AOA pushes Amazon to sufficiently address inappropriate contact lens sales

April 6, 2021
The global e-commerce retailer again came to the AOA’s attention over posts from contact lens sellers that didn’t appear to meet FCLCA patient protection provisions requiring valid prescriptions.
Win Nondakowit - stock.adobe.com

Image credit: Win Nondakowit - stock.adobe.com

Noting Amazon’s recent foray into proprietary health care services, the AOA issued an appeal for the e-commerce giant to proactively address patient safety concerns as unlawful contact lens sales continue on its marketplace.

In a March 30 letter to the retailer, the AOA once again called on Amazon to stop contact lens sellers who game the online platform to sell these Class II and Class III Food and Drug Administration (FDA)-regulated medical devices without a valid prescription. The appeal isn’t the first time the AOA spotlighted sellers’ attempts to skirt federal law and Amazon’s own medical devices policy, potentially risking consumers’ eye health, and at a time when the global company is publicly touting new health care services for its employees.

Currently, Amazon is piloting  a new primary care program and multiple health centers, as well as an online pharmacy launched in 2018. While these services are intended only for Amazon employees, the retailer is reportedly taking aim at the employer market, too. Such is the case, the AOA argues that Amazon must sufficiently address the immediate need for platform and policy reforms in its marketplace that keep consumers safe.

“This issue is of importance not only to overall patient safety but also because of the significant legal and regulatory requirements related to the sales of contact lenses,” reads the letter, signed by AOA President William T. Reynolds, O.D.

“The AOA would like to work with you to determine what can be done to truly put a stop to contact lenses being sold through Amazon.”

AOA requests permanent, proactive policy changes at Amazon

Contact lenses may only be sold in accordance with a valid contact lens prescription, per patient protection provisions set forth by the Federal Trade Commission (FTC) and FDA. However, the AOA continues to document vendor activity on Amazon’s marketplace that subverts these requirements.

While not a regulatory enforcement agency and only acting as a leading authority on eye health and vision care, the AOA first brought these concerns to Amazon’s attention in 2019. At the time, the company thanked the AOA’s diligence and removed the non-complying products. But the AOA’s concerns still stand, especially as new vendors or products appear, often employing sneaky tactics for selling their contact lenses without a valid prescription.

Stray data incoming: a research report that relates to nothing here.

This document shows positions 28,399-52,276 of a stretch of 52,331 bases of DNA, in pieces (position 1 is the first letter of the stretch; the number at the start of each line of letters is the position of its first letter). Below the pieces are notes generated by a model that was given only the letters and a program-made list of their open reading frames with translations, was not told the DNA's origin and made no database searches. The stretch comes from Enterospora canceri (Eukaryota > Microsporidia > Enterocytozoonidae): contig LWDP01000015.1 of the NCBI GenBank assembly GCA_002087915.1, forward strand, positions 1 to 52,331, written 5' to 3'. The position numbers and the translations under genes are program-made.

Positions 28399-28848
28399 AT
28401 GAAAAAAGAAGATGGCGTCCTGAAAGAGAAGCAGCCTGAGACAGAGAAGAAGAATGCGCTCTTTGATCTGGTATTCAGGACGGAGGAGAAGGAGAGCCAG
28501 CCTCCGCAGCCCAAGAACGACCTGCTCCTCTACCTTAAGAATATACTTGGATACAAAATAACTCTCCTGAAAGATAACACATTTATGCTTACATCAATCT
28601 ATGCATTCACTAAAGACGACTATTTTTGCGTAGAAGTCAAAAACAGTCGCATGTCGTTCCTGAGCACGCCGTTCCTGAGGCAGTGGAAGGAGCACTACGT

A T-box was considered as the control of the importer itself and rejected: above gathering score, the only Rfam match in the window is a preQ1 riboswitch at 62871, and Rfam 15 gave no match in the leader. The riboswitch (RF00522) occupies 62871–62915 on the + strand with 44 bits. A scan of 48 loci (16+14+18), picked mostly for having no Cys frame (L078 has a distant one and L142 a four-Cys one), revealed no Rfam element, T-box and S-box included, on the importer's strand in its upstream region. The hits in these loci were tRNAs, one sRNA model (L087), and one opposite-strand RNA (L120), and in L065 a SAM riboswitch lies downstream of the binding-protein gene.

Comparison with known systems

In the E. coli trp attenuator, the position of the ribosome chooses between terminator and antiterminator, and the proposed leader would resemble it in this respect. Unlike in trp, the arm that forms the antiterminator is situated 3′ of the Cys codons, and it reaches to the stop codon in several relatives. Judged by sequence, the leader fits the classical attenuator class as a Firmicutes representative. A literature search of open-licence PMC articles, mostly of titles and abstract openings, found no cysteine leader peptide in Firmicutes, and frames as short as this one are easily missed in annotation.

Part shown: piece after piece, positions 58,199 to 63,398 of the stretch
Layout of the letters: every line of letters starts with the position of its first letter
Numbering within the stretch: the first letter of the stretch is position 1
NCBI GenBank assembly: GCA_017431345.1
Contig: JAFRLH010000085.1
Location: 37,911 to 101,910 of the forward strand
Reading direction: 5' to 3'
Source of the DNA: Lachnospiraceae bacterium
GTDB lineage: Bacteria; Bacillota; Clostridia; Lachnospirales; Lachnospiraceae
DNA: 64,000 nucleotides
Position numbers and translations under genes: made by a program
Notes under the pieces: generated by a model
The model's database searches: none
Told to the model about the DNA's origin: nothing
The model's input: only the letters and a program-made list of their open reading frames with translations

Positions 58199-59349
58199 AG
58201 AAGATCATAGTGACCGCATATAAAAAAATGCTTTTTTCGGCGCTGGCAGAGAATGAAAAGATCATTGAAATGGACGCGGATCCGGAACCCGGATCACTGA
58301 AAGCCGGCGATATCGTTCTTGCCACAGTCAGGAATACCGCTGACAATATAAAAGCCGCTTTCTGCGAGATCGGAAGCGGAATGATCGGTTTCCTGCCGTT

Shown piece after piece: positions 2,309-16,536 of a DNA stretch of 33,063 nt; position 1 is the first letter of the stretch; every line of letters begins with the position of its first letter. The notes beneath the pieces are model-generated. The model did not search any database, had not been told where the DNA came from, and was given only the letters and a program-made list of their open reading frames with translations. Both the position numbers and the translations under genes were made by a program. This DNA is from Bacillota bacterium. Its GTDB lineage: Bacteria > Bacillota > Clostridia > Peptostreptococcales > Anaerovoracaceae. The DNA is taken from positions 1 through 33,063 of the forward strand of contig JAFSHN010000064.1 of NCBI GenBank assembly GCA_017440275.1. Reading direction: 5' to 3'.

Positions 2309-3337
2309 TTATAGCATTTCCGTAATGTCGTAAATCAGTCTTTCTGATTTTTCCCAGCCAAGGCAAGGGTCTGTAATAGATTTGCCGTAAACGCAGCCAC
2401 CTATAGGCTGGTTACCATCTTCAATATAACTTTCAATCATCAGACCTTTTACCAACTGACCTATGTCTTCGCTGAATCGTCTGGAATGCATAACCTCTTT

By simply uploading a new listing, the AOA noted, vendors can obtain a new Amazon identification number even when the product being sold is the exact product taken down by Amazon under a different identification number. Therefore, the AOA requested Amazon consider a more permanent, proactive policy to remove these potentially harmful products from the marketplace.

Contact lenses are a safe, effective vision correction option when worn and cared for properly. However, poor-fitting or improperly used contact lenses can result in serious harm, which is why these medical devices—even those that are only intended to change the appearance of the eye—require an eye doctor’s prescription and oversight to purchase.

In fact, the Centers for Disease Control and Prevention (CDC) estimates that 1 million doctor and hospital visits annually are attributed to keratitis, an eye infection often linked to improper contact lens use, at a cost of $175 million to the U.S. health care system. What’s more, a 2017 FDA report found that 60% of counterfeit contact lenses tested positive for microbial contaminations that could lead to these serious eye infections.

Support AOA’s contact lens advocacy

Better documentation of unlawful contact lens sales helps the AOA build a case for increased enforcement among the FTC and FDA, as well as greater impetus for marketplaces, such as Amazon, to take immediate action. Here’s how doctors of optometry can report illegal sales or adverse events related to contact lenses: 

For more information on illegal retailer or incident reporting, contact AOA advocacy staff.

Virtual AOA on Capitol Hill, May 23-25

Participation is open to all advocacy-minded doctors, optometry students and paraoptometrics with sessions tailored to providing attendees the latest updates on priority federal issues and, in close coordination with state associations, the potential to participate in virtual meetings with U.S. senators and House members.


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